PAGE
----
When You’re Gone…
Whistler can really sink its teeth into you. Grab you by the hair, the toes, inject you with adrenaline and PBR’s, and suddenly you’re hooked. It’s a million things that can make you fall – hook, line and sinker – in love with Whistler, and they make the sometimes inevitable, and unenviable, transition back ‘home to reality’ that much harder.
Whilst I’ve been away from Whistler, travelling in the UK for a friend’s wedding, I’ve had the opportunity to catch up with one such victim of Visa issues, the Token Englishman of Voleurz; Callum Jelley. I met Cal just over a year ago, three years into his stint in Whistler. A bright eyed and bushy tailed young chap, Cal was a passionate, determined, and hilarious addition to the core company Voleurz, winners of the Intersection competion at the World Ski and Snowboard Festival for both years of its existence.
Cal threw everything he had at everything he did.. Wow, this is starting to sound like a eulogy. He is, I can report, in wonderful health, and has an even fuller head of hair than when I last saw him in Whistler, October 2011. Due to work permit problems between the UK and Canada, Cal had to leave us earlier than anyone would’ve liked, and is furiously working on getting back to Whistler, to indulge in activities of ‘awesome status’ as soon as humanly possible. I was very lucky to be able to catch up with him over a warm pint of beer in a quaint Yorkshire pub, and find out why he’s so desperate to make it back to Whistler.
1. Please tell me a little about YOU.. Name, where you’re from, occupation..
Callum Jelley, from 2 Rose Cottage, The Shire, England. I’m 23, and a Filmmaker, writer, photographer, salesman, Token Englishman, Voleur.
2. Why did you end up in Whistler? How long you were there? And what you did when you were there?
Came to Whistler when I was 18 seeking fame fortune and adventure in the world of bikes. Lived in Whistler for 4 years. I made bike films, ski films, wrote for magazines and worked in the greatest emporium of awesome in Whistler, Katmandu Sports.
3. Why did you had to leave? Was it voluntarily or forced due to visa, home obligations, etc?
Had to leave due to Visa running out. Sadface . But spent two months in Indo then rode a footcycle from Singapore to Bangkok accompanied only by two bottles of the finest scotch.
4. What do you miss about Whistler?
I miss the mountains. Their presence. My friends, Mason, Mikey, the Voleurz family. Everyone. I miss the people, I miss the bars, I miss the shredding, I miss my life.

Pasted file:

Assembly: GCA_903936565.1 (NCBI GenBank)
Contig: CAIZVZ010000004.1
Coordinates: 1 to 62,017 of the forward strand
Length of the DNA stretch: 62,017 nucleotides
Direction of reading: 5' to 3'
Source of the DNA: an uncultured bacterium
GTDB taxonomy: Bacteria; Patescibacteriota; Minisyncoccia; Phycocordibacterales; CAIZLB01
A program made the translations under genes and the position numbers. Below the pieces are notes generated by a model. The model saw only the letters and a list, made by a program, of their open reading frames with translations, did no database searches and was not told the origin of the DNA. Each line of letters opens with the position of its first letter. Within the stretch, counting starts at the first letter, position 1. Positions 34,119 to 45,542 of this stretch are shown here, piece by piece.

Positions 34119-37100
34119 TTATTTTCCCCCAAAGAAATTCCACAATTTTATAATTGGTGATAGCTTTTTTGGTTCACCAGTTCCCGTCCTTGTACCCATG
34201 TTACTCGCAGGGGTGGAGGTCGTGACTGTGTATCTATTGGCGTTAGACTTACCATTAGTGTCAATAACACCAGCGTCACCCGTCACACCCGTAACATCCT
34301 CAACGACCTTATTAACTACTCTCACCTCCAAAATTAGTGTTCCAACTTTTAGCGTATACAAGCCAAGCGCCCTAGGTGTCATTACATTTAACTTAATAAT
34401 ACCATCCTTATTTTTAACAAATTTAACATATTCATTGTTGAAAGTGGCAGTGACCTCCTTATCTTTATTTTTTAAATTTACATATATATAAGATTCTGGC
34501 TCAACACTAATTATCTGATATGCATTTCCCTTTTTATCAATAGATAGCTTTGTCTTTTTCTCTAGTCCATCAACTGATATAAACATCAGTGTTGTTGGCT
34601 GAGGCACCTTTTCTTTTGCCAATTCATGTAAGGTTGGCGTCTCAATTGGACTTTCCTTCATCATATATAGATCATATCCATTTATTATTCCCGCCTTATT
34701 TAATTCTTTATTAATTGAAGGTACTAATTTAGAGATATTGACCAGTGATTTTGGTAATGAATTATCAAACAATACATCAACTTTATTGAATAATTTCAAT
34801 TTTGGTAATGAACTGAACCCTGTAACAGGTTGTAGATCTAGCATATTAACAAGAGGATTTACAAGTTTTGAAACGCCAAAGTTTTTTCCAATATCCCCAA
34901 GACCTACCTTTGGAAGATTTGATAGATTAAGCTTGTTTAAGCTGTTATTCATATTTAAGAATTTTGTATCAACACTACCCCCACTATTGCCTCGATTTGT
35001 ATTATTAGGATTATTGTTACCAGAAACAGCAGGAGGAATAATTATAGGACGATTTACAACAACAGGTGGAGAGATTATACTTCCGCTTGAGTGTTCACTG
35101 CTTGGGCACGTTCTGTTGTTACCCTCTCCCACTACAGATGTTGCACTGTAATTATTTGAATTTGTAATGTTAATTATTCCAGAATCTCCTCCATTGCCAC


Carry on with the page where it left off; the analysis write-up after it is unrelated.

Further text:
5. What makes Whistler special?
Some combination of a collective ethos to have the best time possible, as much of the time as possible. To be outside and using the environment around you for all its worth. A community that I feel more at home in that being here where I was brought up.
6. What are the things you remember and cherish the most about your time in Whistler?
Now that is a tough question. Chap laps in the bike park, Sicknics in Garbanzo with Mason, drinking scotch and getting towed into town on my skate, winning Intersection, walks with Chang and Mikey, skiing DOA with Matty Richard after only skiing for 4 days, seeing all my favorite people almost everyday, Kat and Liam in the Longhorn, Harrison in retirement. Sailing around the seas with Rusty, owner of Katmandu, being pirate drunks. Everyone and everything so much, so it’s like my heart is broken being separated.
7. Do you have plans to go back?
Yes, I’m waiting on an application for a Labour Market Opinion through the Canadian Government. Fingers crossed.
8. Can you tell us a little about the differences between your hometown and Whistler?
Where you were brought up is always going to hold a special place in your heart, but for me the rolling hills and calm countryside of the Shire doesn’t have enough for me. I need mountains, I need the drama of the landscape and the possibilities of making films with the best and most creative filmakers and athletes in the world.
With any luck we will see our Token Englishman back on his bike, tearing around the village, drinking scotch from tea cups and generally enjoying the amazing awesomeness of Whistler, before we know it. Appreciate what you have, you never know when it might be taken away from you.
Article source: http://www.whistlerisawesome.com/2012/07/05/when-youre-gone/